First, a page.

Cattle (12,401 Mg in 1990) were the largest source of N2O emissions, pigs (6,608 Mg in 1990) the smallest, and the rest was poultry (10,372 Mg in 1990) (Fig. 40.4), a result related to the different amounts of livestock excreta produced by these classes of livestock. N2O emissions by cattle, pigs, and poultry during the period were relatively constant at 40%, 25%, and 35% of total, respectively. Crop production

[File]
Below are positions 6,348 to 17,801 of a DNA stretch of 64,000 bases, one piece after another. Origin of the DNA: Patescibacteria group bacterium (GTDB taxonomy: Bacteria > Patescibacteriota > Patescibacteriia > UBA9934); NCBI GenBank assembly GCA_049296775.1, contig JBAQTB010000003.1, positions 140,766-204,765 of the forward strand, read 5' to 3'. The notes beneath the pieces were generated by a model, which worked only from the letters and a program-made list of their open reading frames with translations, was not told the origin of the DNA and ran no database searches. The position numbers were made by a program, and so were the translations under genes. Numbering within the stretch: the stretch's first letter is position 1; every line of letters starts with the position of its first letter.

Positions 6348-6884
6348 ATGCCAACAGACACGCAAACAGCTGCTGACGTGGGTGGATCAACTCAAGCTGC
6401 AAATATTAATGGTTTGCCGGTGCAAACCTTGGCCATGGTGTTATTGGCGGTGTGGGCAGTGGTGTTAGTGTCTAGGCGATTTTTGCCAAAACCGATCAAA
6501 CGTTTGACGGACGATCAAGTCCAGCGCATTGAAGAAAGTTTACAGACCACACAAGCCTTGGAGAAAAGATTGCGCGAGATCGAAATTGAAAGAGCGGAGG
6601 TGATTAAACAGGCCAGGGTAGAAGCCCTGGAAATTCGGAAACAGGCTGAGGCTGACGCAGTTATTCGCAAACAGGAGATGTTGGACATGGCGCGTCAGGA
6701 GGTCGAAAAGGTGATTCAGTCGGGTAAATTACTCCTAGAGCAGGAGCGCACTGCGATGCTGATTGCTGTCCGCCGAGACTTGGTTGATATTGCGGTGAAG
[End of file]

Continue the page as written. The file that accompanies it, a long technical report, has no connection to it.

In 1985, when crop N2O emissions were highest, paddy rice (4,714 Mg) was the largest source of N2O and forage crops (3,376 Mg) the second highest, because these crops occupied about 60% of farmland (Fig. 40.4). In 2005, when N2O emissions were lowest, 70% of N2O came from paddy rice (2,770 Mg), vegetables (2,810 Mg), and forage fields (2,850 Mg). Over the study period, the area of paddy rice declined from 27% to 23% and that of vegetables increased from 17% to 23%. N fertilizer input to paddy rice declined from 114 to 72 kg N ha-1 and N fertilizer input to vegetables increased from 180 to 201 kg N ha-1. Tea comprised 10% to 13% of total crop production of N2O emissions during the period. Although the area planted in vegetables and tea was small (12% and 1% of total planted area in 2005, respectively), vegetables and tea were significant sources of N2O. This result shows that vegetables and tea are hotspots of N2O emissions in the crop production sector, because of the higher chemical N fertilizer and manure input to vegetables than other crops and a high emission factor for tea. Tea received the highest rate of chemical N fertilizer among the crops during the period, but application levels declined from 613 kg N ha"1 in 1985 to 459 kg N ha"1 in 2005.
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